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Feb 6 / Carissa Bell

Career Tips: Examine Your Pastimes and Hobbies

Examine Your Pastimes and Hobbies

Career planning provides a great time also to examine the activities you like doing when you are not working or in school. It may sound a bit odd, to examine the things you like to do for fun, but it’s not. On average workers in the United States will spend approximately 90,000 hours working over their lifespans. Since that equates to at least one-third of a person’s waking hours, wouldn’t you want your work to be enjoyable? So, why not start your career planning by exploring the careers that surround your favorite activities? You may just find inspiration and viable career options.

Think you can’t make a hobby into a career? People do it all the time. The great painter Paul Gauguin was a successful businessperson who painted on the side. It actually wasn’t until he was encouraged by an artist he admired to continue painting that he finally took a serious look at his hobby and decided he should change careers. He was good a business, but his love was painting. More recently, Diana Gabaldon, best-selling author of the Outlander series has her Ph.D. in Quantitative Behavioral Ecology and according to her bio “spent a dozen years as a university professor with an expertise in scientific computation” when she wrote her first Outlander novel “for practice.”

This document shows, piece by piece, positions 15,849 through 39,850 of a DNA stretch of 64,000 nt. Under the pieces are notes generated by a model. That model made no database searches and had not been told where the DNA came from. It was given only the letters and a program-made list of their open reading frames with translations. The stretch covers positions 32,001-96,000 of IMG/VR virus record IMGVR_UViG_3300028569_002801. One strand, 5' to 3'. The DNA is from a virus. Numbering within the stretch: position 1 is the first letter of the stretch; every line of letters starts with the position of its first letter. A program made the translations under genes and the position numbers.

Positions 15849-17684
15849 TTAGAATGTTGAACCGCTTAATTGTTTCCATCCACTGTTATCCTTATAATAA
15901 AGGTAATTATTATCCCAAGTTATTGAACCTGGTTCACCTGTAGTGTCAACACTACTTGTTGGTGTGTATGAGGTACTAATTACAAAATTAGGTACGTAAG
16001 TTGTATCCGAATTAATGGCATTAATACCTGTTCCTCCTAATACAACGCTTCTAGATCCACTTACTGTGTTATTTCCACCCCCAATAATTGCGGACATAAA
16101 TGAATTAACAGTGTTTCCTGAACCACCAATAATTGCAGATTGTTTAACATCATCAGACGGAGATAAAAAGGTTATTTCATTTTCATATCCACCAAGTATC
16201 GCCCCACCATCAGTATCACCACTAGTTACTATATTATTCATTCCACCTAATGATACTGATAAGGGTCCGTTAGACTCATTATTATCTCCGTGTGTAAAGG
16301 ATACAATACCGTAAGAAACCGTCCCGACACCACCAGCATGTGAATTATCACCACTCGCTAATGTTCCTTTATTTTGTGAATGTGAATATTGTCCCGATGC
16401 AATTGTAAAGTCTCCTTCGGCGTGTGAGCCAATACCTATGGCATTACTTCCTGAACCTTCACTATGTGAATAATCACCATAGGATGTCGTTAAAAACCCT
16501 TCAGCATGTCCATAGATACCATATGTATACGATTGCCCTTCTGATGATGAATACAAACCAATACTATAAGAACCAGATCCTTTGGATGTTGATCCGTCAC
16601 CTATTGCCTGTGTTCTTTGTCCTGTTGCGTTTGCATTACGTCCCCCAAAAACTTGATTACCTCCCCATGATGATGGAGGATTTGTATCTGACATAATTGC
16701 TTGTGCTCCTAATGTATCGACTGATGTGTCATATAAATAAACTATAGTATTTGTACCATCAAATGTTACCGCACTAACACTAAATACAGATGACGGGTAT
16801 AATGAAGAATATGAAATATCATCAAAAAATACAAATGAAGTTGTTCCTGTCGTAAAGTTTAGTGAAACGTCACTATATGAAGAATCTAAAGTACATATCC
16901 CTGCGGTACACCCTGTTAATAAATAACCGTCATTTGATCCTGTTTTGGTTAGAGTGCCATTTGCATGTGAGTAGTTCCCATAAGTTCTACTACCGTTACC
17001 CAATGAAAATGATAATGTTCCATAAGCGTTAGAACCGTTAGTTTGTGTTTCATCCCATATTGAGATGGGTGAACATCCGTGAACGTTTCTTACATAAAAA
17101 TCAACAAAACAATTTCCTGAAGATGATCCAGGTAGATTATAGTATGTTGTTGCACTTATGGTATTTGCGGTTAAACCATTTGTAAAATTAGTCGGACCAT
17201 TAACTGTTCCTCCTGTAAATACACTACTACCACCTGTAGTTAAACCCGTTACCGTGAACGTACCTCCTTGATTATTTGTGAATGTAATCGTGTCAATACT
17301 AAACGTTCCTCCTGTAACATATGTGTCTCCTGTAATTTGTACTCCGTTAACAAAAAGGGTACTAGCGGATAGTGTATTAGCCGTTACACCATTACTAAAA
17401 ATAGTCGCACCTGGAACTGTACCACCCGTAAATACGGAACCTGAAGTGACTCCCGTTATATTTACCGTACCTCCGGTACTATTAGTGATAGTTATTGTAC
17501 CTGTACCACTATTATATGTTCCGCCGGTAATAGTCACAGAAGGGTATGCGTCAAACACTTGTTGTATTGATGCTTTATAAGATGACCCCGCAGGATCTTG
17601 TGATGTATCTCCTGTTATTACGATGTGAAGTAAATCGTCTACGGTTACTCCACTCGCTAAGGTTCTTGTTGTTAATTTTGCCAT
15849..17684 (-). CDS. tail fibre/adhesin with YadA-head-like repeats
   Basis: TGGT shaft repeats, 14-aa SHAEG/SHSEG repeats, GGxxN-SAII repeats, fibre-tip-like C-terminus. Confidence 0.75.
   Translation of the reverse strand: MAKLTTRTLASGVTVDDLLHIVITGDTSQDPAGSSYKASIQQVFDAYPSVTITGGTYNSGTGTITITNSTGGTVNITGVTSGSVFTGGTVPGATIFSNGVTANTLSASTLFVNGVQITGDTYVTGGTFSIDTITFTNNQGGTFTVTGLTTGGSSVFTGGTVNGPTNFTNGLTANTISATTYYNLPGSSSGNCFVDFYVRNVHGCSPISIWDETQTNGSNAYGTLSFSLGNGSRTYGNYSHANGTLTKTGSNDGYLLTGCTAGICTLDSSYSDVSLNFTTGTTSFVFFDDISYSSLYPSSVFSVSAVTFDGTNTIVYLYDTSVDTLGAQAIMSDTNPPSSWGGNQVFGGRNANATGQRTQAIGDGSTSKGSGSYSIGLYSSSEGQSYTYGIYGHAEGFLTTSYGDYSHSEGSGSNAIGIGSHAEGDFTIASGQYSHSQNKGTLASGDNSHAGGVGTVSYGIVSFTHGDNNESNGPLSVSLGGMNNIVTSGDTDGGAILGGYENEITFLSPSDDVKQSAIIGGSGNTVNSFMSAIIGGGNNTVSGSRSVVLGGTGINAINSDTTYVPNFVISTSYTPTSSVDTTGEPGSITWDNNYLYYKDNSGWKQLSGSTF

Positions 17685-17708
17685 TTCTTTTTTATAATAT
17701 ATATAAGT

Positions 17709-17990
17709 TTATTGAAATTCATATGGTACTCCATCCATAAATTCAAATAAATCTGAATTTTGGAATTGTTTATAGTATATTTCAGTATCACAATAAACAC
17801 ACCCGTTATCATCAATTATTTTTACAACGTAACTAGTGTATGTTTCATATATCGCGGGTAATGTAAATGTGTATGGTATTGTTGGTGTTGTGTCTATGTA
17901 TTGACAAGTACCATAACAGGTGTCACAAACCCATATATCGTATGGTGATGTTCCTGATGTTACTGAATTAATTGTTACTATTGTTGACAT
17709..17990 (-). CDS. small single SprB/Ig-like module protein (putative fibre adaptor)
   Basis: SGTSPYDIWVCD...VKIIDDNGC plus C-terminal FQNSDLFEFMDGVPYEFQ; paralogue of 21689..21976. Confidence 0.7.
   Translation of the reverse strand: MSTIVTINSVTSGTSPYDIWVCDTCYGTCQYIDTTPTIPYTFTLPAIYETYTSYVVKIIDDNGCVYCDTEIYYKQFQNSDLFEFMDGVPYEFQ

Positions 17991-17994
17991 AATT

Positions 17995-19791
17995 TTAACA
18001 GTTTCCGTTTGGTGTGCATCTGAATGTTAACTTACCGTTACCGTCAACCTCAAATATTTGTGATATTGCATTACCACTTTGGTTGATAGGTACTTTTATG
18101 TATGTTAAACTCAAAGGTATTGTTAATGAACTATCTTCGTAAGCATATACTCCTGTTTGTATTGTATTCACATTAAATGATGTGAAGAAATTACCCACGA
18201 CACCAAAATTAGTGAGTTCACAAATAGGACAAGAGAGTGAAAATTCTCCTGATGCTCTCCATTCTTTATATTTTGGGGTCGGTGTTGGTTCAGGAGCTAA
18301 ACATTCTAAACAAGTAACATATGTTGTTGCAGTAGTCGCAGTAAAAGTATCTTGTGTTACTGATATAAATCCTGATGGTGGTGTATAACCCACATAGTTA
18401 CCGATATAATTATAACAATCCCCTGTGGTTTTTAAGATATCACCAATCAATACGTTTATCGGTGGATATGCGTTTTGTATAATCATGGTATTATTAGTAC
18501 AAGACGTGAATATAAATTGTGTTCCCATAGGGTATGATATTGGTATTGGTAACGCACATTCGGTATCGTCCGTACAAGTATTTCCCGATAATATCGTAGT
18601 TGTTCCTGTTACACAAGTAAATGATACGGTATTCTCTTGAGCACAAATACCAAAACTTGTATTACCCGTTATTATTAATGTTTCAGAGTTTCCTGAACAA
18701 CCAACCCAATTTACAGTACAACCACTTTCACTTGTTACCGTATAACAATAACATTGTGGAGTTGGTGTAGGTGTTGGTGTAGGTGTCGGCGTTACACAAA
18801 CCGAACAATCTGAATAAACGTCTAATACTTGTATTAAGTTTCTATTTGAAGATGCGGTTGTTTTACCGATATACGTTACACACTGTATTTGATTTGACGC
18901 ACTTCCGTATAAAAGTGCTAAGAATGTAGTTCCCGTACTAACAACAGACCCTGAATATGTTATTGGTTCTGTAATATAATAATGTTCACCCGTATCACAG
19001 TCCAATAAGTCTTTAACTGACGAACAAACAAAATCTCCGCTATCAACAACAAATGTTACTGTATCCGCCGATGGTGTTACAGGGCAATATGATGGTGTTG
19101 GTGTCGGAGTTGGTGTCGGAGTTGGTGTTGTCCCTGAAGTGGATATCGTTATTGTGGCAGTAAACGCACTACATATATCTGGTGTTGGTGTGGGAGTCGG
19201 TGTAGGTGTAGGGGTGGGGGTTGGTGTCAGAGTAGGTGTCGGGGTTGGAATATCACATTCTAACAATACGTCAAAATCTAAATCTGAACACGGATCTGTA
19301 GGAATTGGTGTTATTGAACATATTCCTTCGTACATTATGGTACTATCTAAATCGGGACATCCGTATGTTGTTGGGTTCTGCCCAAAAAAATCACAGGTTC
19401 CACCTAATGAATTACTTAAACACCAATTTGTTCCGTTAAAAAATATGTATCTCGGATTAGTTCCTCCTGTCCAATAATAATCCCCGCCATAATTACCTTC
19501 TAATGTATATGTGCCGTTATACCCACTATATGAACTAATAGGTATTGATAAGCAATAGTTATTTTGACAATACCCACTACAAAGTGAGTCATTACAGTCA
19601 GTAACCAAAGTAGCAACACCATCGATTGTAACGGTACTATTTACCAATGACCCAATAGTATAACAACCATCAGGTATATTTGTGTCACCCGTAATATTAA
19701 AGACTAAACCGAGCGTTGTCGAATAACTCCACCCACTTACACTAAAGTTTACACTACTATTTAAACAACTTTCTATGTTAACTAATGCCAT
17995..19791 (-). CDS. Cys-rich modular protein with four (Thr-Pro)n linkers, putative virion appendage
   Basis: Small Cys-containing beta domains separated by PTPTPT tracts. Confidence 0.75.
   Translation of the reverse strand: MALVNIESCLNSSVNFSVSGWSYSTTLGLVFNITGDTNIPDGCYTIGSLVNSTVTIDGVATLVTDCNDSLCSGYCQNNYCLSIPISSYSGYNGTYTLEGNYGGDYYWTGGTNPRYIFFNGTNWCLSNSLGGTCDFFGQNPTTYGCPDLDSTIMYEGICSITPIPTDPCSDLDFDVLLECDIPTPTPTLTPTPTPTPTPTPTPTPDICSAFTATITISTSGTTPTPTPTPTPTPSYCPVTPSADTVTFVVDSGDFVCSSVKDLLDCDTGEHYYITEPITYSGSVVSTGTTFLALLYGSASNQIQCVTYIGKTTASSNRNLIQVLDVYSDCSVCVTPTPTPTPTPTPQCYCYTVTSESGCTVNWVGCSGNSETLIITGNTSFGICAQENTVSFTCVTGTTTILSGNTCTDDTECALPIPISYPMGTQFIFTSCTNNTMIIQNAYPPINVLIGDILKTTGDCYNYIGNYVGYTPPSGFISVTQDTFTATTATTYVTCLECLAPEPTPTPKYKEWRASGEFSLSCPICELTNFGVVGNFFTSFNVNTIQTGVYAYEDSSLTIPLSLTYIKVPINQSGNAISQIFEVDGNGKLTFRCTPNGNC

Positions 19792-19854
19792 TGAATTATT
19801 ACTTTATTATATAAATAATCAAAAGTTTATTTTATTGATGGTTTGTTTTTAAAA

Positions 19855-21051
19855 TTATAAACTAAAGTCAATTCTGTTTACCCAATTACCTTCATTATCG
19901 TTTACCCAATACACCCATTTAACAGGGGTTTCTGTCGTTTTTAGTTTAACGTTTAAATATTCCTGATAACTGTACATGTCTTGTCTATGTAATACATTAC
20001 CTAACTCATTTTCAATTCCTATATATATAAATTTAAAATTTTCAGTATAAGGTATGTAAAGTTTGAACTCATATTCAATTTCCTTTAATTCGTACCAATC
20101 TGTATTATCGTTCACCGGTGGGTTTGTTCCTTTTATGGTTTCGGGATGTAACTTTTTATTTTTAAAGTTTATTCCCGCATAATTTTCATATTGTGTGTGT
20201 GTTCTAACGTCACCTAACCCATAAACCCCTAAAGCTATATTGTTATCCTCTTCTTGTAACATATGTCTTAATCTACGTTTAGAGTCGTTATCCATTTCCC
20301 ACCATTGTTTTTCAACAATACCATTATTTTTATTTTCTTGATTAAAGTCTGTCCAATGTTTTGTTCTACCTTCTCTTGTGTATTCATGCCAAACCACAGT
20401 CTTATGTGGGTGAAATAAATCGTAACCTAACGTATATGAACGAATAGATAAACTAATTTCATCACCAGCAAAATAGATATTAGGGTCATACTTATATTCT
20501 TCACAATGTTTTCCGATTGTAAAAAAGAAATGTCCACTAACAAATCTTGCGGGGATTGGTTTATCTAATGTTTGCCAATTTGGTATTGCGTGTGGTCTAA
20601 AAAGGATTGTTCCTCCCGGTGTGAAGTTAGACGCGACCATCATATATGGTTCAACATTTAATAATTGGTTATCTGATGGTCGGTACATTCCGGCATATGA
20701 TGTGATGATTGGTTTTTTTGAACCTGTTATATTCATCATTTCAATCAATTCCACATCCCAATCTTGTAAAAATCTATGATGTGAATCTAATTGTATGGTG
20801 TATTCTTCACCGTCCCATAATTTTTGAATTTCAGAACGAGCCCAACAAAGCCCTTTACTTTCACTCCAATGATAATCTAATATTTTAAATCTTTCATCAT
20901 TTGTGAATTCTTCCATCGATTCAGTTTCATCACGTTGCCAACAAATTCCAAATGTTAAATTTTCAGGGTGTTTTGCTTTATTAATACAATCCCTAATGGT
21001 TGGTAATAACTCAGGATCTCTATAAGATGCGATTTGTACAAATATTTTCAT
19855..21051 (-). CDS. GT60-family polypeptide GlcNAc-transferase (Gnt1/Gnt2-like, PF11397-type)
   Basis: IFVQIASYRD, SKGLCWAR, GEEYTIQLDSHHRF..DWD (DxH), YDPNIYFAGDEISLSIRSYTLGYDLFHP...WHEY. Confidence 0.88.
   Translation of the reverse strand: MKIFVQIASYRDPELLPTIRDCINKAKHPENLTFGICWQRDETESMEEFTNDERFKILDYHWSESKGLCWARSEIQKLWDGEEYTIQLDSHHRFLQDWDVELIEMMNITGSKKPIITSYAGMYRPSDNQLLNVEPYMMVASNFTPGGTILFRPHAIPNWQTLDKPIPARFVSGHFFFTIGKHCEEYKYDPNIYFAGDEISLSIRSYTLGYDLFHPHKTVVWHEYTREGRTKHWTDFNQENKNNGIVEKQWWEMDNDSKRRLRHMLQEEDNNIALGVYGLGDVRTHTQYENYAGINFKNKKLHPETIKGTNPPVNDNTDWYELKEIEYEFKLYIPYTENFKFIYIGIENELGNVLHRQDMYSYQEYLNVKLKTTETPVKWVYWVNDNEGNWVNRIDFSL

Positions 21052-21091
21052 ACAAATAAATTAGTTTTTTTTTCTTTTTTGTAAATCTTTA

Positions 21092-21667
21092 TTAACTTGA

Many times your hobbies and leisurely pursuits can give you great insight into future career paths. For example if you like to read, there are several career paths within law, media, education and publishing that require professionals to be well-read to keep current in their field. As you explore, though, challenge yourself to go beyond the obvious. Just because you like sports or performing arts, does not mean you are cut out to be successful in those fields. There are so many more options (that make a very decent living) between the starving artist and superstar! You owe it to yourself to check them out! So, the next time you are out enjoying your favorite pastimes, try these activities:

  • Interview a new person each time to learn more about different career pathways first-hand.
  • Brainstorm and record the jobs you see – be sure to include the peripheral and supporting jobs along with the primary careers.
  • Check out related industries and occupations online at O*NET or on job boards

For more career exploration ideas, visit or contact Career Services at www.careerservices.wayne.edu or (313) 577-3390 to schedule an appointment with a Career Planning Counselor.

 

References & Resources

https://www.livecareer.com/quintessential/career-planning-tips

http://money.cnn.com/2015/07/09/news/economy/americans-work-bush/index.html

https://revisesociology.com/2016/08/16/percentage-life-work/